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Cuts at Leeds – The Story so Far in Leeds Student Newspaper

September 24, 2010

Leeds Student Newspaper last week published an abbreviated version of the history of the cuts and the dispute last year. It is a useful, if necessarily cursory, summary of events and can be read here.

Matters have of course progressed from the point at which this article, which covers last academic year, concludes its summary: The UCU continues in dispute with the University management, as it fails to deliver on all aspects of the March 2010 agreement, most notably the failure to implement School and Unit constitutions and the agreement on fixed-term contracts, and the use of the ESRG procedure for ‘reviews’ of over half the University. Leeds UCU registered a procedural dispute over the quantity and scale of the reviews over the summer (half the staff of the university were involved, including all the basic sciences), since it was impossible to carry out the legally required consultation at the speed which the university insisted upon.

School and Unit Constitutions

These are essential if consultation over organisational change is to take place in the collegial manner which is essential if academic freedom is to be protected. Job Losses are the biggest threat to academic freedom; consider that it may take most of a career to establish a new area of study and a heavyweight academic reputation.

At a minimum a School (or unit if a service) Constitution must define who is entitled to attend an academic staff meeting (if the consultation covers academic matters) or a staff meeting (if the consultation involves jobs and conditions of service), how the written report to the ESRG will be agreed and who will convene the meeting. It is a matter of regret that the university has chosen to put half the university into the review process without establishing a correct collegial process for academic consultation.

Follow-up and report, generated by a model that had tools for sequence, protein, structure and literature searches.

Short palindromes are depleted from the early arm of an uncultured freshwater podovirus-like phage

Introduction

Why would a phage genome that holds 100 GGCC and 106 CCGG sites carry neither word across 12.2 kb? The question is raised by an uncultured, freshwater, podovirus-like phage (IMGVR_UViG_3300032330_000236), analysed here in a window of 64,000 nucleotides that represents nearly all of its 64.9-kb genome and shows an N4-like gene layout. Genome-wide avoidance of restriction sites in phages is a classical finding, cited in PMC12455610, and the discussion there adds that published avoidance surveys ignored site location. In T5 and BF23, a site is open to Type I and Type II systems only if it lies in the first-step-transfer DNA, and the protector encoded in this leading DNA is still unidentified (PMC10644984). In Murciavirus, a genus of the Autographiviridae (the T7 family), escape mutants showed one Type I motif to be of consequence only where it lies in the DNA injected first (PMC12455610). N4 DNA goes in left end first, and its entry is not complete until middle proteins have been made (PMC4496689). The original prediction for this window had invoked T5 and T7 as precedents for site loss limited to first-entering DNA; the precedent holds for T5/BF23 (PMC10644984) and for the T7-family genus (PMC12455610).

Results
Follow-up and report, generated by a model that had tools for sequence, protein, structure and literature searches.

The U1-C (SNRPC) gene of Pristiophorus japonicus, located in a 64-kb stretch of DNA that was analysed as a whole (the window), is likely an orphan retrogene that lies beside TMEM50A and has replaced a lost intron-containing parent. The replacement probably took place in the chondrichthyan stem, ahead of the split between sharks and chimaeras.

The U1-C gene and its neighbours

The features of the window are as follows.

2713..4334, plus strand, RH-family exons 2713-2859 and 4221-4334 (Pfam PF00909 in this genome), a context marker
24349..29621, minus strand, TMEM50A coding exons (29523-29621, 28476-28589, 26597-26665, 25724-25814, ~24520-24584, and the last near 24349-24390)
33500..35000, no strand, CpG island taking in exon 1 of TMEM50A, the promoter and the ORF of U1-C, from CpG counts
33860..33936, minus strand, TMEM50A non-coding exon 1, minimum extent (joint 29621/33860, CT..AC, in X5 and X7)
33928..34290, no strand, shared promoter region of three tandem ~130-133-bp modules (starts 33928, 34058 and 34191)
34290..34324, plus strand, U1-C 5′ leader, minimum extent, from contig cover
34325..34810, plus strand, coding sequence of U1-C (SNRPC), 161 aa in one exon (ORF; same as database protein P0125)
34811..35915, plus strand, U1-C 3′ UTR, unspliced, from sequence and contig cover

The current ad hoc process whereby Heads of Schools or Faculty Deans and their nominees fire arguments for organisational change at their staff without first consulting the unions and then without engaging in a collegial and democratic consultation is quite unacceptable. In the view of the UCU, a great deal of the damage done by the current review process, the worst example of which is the one carried out last year in the Faculty of Biological Sciences, can be avoided by addressing organisational change at School and Faculty level in a collegial manner and without the involvement of the Employment Security Review Group.

Fixed Term Contract Agreement

Over the summer, the university issued the first of what are intended to be monthly Section 188 letters of intention to make redundant fixed term contract staff. These notices cover all staff whose contracts are due to terminate within six months of the notice. Remember that part of our dispute earlier in the year was that the university had not followed the required procedures under employment law, and the release of these letters represents an informal acceptance of this argument. We are currently meeting the university, together with the other trade unions, in order to formalise an effective procedure to mitigate redundancies of fixed term contract staff which will hopefully lead to an improvement to the conditions of service of this group of staff.

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